Chances are good that the mouse connected to your PC includes a scroll wheel between the right and left mouse buttons. Using the scroll wheel to navigate up and down within programs like Microsoft Work or your web browser is certainly helpful, much easier than grabbing for the vertical scroll bar at the right-hand side of the screen.
While most users are familiar with the purpose of the scroll wheel itself, many don’t realize that the manner in which the wheel performs can actually be customized to better suit one’s needs and preferences. By default, scrolling the wheel will scroll the screen three lines at a time in the direction you specify. This can be changed to a higher number of lines for faster scrolling, or even to a page at a time if that’s your preference.
To change the scroll wheel settings for your mouse, open Control Panel, open the Mouse applet, and then click the Scroll tab. Use the settings on this tab to adjust how your scroll wheel mouse performs to better suit your preferences.
Tired of Windows XP displaying those warning balloon messages on your taskbar? While they do help to keep less experienced users a little more informed about the state of their Windows XP system than they might otherwise be, they can get annoying, especially for experienced users who would rather not be disturbed.
As with most system settings, balloon messages can be disabled by a Registry tweak. However, a safer option for most users is to make the change via Microsoft’s free Tweak UI PowerToy instead. To disable balloon messages with this tool, open it and then head to the Taskbar and Start menu section. Uncheck the Enable balloon tips item and click OK to stop these “helpful” balloon messages from bothering you.
Running out of hard disk space? When Windows XP detects that a drive has 200 MB or less free disk space left, it begins alerting you to the situation by displaying the following message:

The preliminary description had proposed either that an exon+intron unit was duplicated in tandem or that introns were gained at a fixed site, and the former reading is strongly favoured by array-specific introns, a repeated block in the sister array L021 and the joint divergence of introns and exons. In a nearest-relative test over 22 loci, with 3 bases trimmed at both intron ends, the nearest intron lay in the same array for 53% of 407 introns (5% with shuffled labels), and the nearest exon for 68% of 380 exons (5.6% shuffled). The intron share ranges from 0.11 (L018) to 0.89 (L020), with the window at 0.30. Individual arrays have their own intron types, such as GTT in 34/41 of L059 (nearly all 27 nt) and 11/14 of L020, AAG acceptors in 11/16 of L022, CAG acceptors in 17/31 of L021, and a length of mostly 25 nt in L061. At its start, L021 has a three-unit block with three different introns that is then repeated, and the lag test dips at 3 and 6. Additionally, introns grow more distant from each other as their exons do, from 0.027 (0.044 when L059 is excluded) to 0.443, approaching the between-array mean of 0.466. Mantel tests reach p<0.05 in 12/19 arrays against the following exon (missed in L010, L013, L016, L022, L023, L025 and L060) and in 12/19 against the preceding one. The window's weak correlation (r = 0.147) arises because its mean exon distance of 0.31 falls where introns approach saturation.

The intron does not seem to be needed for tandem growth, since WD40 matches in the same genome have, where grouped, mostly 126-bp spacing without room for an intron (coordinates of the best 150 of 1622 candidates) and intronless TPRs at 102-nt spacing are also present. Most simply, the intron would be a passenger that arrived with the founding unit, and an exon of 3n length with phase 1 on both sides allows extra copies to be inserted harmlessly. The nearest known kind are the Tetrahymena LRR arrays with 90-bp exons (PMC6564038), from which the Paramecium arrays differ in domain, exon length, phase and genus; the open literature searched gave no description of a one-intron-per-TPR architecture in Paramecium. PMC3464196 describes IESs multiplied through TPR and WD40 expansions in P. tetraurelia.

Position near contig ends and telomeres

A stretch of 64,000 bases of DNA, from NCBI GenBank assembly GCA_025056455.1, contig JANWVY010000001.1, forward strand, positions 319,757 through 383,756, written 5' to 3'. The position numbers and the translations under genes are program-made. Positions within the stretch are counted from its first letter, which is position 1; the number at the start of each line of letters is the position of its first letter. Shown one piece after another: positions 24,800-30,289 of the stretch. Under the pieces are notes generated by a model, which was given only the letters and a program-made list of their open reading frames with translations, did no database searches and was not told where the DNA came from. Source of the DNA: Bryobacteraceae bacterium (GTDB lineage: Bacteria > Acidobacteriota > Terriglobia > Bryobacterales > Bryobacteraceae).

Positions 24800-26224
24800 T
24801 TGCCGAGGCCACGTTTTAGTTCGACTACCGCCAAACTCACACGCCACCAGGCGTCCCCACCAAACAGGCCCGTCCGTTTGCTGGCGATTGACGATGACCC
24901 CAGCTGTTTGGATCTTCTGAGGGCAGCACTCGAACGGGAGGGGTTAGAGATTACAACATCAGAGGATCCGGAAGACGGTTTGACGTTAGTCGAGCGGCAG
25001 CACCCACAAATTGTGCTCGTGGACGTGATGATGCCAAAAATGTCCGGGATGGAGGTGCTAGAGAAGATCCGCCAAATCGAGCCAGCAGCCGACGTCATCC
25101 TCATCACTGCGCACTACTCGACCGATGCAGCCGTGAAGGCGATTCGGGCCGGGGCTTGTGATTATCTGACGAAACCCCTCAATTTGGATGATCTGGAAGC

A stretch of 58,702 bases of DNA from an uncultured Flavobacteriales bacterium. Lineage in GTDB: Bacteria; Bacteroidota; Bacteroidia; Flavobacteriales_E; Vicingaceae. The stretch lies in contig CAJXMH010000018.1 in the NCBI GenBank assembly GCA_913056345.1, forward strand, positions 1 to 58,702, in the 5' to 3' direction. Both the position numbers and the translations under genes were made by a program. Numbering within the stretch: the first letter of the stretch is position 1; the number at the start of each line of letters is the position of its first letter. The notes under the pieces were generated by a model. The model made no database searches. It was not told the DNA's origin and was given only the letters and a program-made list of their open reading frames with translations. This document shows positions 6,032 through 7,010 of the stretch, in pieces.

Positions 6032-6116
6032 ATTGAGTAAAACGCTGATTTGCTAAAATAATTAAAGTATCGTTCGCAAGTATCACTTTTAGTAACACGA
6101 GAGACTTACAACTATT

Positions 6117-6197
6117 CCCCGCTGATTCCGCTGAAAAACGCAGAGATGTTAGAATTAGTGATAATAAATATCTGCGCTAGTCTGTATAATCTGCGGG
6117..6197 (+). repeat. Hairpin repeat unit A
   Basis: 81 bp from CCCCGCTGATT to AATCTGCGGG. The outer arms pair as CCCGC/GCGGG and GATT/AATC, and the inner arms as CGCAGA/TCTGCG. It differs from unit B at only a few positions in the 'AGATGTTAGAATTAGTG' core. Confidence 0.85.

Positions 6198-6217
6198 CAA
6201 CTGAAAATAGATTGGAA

You are running out of disk space on X (where X is the drive letter in question). To free space on this drive by deleting old or unnecessary files, click here.
The “solution” to this problem is obviously to delete unneeded personal files, or uninstall unused programs in a bid to free up space.While the message is there to help, it can also become annoying, especially once you’re aware of the situation. If you want to disable these warnings and keep tabs on your disk space situation as you see fit, then changing one simple setting will get the job done. While the message can be disabled via a Registry edit, a safer option is to use Microsoft’s free Tweak UI PowerToy to make the change.
To disable the low disk space warning with Tweak UI, open the program, click Taskbar and Start menu, uncheck the Warn when low on disk space option, and click OK.
One of the more annoying “features” of Windows XP is its insistence on launching AutoPlay when you insert or attach certain types of media to your PC, like CD discs or USB thumb drives. While AutoPlay can be temporarily disabled by holding down the Shift key after inserting a CD, for example, you may want to consider disabling the feature completely.
AutoPlay can be disabled via a Registry hack, but an easier method also exists. The free Tweak UI PowerToy from Microsoft makes it easy to disable AutoPlay for the drive letters of your choice at the click of a button. After installing Tweak UI, just expand My Computer > AutoPlay > Drives and uncheck any drive letters for which you want AutoPlay disabled. Click OK and then never worry about being harassed by AutoPlay settings on those drives again. If you change your mind, you can always re-enable AutoPlay by checking the associated driveusing Tweak UI.